UF students are bound by The Honor Pledge which states, "We, the members of the University of Florida community, pledge to hold ourselves and our peers to the highest standards of honor and integrity by abiding by the Honor Code. On all work submitted for credit by students at the University of Florida, the following pledge is either required or implied: 'On my honor, I have neither given nor received unauthorized aid in doing this assignment'.” The Honor Code specifies a number of behaviors that are in violation of this code and the possible sanctions. Furthermore, you are obligated to report any condition that facilitates academic misconduct to appropriate personnel. If you have any questions or concerns, please consult with the instructor of this class.
Requirements for class attendance and make-up exams, assignments, and other work in this course are consistent with university policies: https://catalog.ufl.edu/UGRD/academic-regulations/attendance-policies/
- In the case of an absence due to participation in an official university activity, observance of a religious holiday, performance of a military duty, or any other university-approved absence (e.g., jury duty) which the student knows about in advance, the student is expected to notify the instructor of the conflict before the assignment is due, and if possible at the start of the semester.
- In the case of the essays, there is a deduction for missing the deadline and a deduction for every day that passes before the assignment is submitted unless an extension has been granted (see rubrics in Canvas).
- For all other assignments, students will not be granted an extension (beyond the grace period specified in the rubric) without an acceptable reason, such as an illness or serious family emergencies, in accordance with university policies on absences.
Students are expected to provide professional and respectful feedback on the quality of instruction in this course by completing course evaluations online via GatorEvals. Guidance on how to give feedback in a professional and respectful manner is available at https://gatorevals.aa.ufl.edu/students/. Students will be notified when the evaluation period opens, and can complete evaluations through the email they receive from GatorEvals, in their Canvas course menu under GatorEvals, or via https://ufl.bluera.com/ufl/. Summaries of course evaluation results are available to students at https://gatorevals.aa.ufl.edu/public-results/.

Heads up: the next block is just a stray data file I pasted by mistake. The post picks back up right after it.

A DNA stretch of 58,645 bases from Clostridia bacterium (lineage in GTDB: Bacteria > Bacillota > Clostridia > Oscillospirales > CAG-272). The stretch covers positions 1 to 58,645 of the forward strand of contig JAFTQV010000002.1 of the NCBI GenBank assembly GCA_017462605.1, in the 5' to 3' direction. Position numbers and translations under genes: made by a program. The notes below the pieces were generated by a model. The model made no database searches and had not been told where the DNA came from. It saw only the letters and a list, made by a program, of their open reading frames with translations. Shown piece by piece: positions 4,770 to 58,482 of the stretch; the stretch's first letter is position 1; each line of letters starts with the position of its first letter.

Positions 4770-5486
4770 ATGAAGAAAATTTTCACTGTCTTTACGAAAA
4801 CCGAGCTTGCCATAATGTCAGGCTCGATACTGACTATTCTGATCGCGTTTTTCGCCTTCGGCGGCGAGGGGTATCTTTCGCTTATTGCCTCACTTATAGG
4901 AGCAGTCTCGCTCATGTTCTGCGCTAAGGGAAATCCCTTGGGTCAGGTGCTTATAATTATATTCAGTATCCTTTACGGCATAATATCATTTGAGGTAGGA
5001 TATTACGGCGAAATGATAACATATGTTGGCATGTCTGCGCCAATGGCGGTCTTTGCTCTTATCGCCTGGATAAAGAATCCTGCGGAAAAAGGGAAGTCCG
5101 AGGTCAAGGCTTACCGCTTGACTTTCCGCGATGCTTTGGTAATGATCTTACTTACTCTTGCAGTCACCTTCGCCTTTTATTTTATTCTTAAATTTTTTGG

Policy on Recordings*
If your section meets online via Zoom, class sessions may be audio visually recorded for students in the class to refer back and for enrolled students who are unable to attend live. Students who participate with their camera engaged or utilize a profile image are agreeing to have their video or image recorded. If you are unwilling to consent to have your profile or video image recorded, be sure to keep your camera off and do not use a profile image. Likewise, students who un-mute during class and participate orally are agreeing to have their voices recorded. If you are not willing to consent to have your voice recorded during class, you will need to keep your mute button activated and communicate exclusively using the "chat" feature, which allows students to type questions and comments live. The chat will not be recorded or shared. As in all courses, unauthorized recording and unauthorized sharing of recorded materials is prohibited.
*This policy applies only to 100% online sections. Class sessions that meet in person will not be recorded.
Counseling, Tutoring, and Other Services
Students experiencing either health or personal problems that interfere with their general well-being are encouraged to seek assistance through the university’s health care and counseling centers. Resources are also available on campus for students who wish to explore their career options.
- Student Health Care Center, 392-1161, shcc.ufl.edu
- University Counseling and Wellness Center, 3190 Radio Road, 392-1575, counseling.ufl.edu
- U Matter We Care, 294-care, umatter.ufl.edu
- The Teaching Center, https://teachingcenter.ufl.edu/
- Knack Tutoring, https://studentsuccess.ufl.edu/knack-tutoring/
- The UF Writing Studio, https://writing.ufl.edu/writing-studio/
- Career Connections Center, Suite 1300 J. Wayne Reitz Union, 392-1601, career.ufl.edu
You can also check out the UF Resources page for the many other university resources, services, and support that are available to you.
- Raffaello Sanzio da Urbino, "The School of Athens," fresco, Apostolic Palace, Vatican City, Wikipedia Commons, https://commons.wikimedia.org/wiki/File:%22The_School_of_Athens%22_by_Raffaello_Sanzio_da_Urbino.jpg
Zoom Help Page
- "Clouds 24," photographed by Guy Wann, 29 July 2010, licensed under CC By 2.0, https://www.flickr.com/photos/11585392@N04/7021916981
The syllabus page shows a table-oriented view of the course schedule, and the basics of course grading. You can add any other comments, notes, or thoughts you have about the course structure, course policies or anything else.
To add some comments, click the "Edit" link at the top.